"I think it would make sense for a lot of reasons," said Buckhorn, who sits on the port's board. "It would keep jobs and a great corporate citizen and potentially move them to a location that allows them to be more productive.

"I think it would be a win-win for everybody if we could find a way to make this deal work."

In July, company representatives met with the mayor and city officials to make sure security for the Republican National Convention would not impede trucks. During the meeting, the mayor said the company seemed amenable to moving.

"I think they recognize their long-term future is not in downtown Tampa," Buckhorn said, "that development has basically encircled them and that they could do what they do better somewhere else. There would have to be an accommodation, a new plant could be found. But they've been very open to conversations."

ConAgra spokeswoman Becky Niiya confirmed that the company is contemplating a move.

"We realize that the city has grown up around our mill," she wrote in an email. "As the city prepared for the (RNC), this provided an opportunity for ConAgra Foods representatives to visit with city officials and other interested parties on the possible relocation of our mill site."

Buckhorn believes the ConAgra property is the key to redeveloping downtown partly because of the CSX railroad line that runs through the Channel District, serving the flour mill.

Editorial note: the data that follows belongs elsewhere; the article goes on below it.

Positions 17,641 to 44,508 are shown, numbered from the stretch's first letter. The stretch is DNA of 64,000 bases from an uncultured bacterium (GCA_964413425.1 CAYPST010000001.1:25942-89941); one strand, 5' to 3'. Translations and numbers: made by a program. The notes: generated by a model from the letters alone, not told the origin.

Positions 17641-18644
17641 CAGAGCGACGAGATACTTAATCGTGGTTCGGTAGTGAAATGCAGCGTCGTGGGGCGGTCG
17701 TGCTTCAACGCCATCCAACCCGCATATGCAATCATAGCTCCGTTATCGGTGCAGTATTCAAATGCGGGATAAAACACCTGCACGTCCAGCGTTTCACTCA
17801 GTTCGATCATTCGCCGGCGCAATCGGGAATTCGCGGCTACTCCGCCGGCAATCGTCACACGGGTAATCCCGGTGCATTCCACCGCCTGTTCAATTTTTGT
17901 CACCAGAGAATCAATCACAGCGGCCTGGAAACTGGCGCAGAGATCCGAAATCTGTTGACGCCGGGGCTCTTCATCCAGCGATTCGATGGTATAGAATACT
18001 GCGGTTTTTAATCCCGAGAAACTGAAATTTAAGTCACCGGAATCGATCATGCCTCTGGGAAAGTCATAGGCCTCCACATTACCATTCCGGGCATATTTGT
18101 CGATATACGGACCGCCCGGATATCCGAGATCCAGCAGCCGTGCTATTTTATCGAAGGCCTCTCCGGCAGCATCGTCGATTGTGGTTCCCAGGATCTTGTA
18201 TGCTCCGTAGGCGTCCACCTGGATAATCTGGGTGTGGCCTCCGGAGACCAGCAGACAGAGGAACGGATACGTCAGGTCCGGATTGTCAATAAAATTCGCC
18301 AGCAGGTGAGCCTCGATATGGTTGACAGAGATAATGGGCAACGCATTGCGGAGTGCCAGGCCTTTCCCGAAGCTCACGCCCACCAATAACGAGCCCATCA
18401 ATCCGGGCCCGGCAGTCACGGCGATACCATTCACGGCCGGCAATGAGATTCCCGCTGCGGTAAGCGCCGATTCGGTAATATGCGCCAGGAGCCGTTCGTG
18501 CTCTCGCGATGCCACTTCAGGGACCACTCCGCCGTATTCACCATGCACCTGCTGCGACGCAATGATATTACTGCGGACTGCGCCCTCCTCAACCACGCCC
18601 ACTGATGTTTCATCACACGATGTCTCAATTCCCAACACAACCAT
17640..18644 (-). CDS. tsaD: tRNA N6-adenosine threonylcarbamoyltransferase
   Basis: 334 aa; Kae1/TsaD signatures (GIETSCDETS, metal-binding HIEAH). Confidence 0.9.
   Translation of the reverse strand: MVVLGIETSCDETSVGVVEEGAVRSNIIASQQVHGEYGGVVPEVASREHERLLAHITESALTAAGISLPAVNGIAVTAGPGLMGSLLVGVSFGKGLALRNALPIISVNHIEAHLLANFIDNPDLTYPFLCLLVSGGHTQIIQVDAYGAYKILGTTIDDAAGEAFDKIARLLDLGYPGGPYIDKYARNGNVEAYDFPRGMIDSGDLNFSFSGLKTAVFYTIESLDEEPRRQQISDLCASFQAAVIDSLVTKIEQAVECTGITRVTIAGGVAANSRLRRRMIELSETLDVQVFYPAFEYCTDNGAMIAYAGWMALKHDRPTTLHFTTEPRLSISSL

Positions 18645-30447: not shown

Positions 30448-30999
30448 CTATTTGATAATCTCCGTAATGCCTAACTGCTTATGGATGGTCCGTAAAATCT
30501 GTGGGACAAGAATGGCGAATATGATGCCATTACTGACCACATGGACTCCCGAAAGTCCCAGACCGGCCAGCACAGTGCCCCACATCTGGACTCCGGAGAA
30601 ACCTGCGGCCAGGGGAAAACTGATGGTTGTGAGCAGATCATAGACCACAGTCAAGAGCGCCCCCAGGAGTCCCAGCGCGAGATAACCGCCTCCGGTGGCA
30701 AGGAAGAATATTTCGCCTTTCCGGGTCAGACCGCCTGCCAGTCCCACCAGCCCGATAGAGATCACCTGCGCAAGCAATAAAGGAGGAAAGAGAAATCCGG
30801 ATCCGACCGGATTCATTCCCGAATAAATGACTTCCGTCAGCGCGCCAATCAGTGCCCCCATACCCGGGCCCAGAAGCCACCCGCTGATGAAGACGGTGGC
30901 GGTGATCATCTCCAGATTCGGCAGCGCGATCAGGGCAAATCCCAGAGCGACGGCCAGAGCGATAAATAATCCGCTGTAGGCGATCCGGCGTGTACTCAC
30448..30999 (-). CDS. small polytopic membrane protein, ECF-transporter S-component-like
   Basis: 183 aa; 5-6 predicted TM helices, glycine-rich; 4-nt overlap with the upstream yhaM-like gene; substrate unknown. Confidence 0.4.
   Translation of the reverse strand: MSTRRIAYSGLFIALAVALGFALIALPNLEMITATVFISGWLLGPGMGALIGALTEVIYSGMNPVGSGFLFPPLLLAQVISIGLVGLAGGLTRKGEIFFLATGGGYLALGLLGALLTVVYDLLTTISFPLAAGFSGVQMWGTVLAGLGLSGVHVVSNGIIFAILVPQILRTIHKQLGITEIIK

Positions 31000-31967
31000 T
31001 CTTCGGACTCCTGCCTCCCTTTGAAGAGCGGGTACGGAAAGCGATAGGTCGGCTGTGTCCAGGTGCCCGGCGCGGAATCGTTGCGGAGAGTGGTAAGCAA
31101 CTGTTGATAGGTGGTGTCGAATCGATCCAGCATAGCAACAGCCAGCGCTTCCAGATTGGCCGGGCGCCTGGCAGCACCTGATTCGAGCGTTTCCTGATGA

The land under those tracks was bought by the Tampa-Hills­borough County Expressway Authority in 2003 to expand N Meridian Avenue and build the reversible express lane on-ramp. But under the agreement with CSX, if the flour mill disappears, so do the railroad tracks along the property. Freeing up ConAgra's 3.4 acres would also free up the Expressway Authority's 6.5 acres just east of the factory. The land could then also be sold. All of that property sits north of the 12 acres that partnerships linked to Vinik have purchased in the past two years between ConAgra and the Times Forum.

"Without ConAgra there, you don't need the CSX line," Buckhorn said. "If the railroad wasn't there, then you could develop it."

But it would be hard to imagine Vinik or anyone else spending millions to build new restaurants and hotel rooms and condos — much less the mythical downtown Tampa baseball stadium — next door to a flour mill serviced round-the-clock by semitrailer trucks and trains. Why else would the land around the mill sit barren to this day, giving hockey fans a place to park?

And building ConAgra a new factory could add tens of millions to the price tag of a new baseball stadium that already would cost hundreds of millions — money no one seems to have.

"You know how Moby Dick ended," said Warren Weathers, the county's chief deputy property appraiser. "Be careful."

Times researcher John Martin and staff writer Jeff Harrington contributed to this report.

ConAgra's flour mill is key to unlocking downtown Tampa development — and maybe baseball 10/15/12 [Last modified: Monday, October 15, 2012 11:09pm]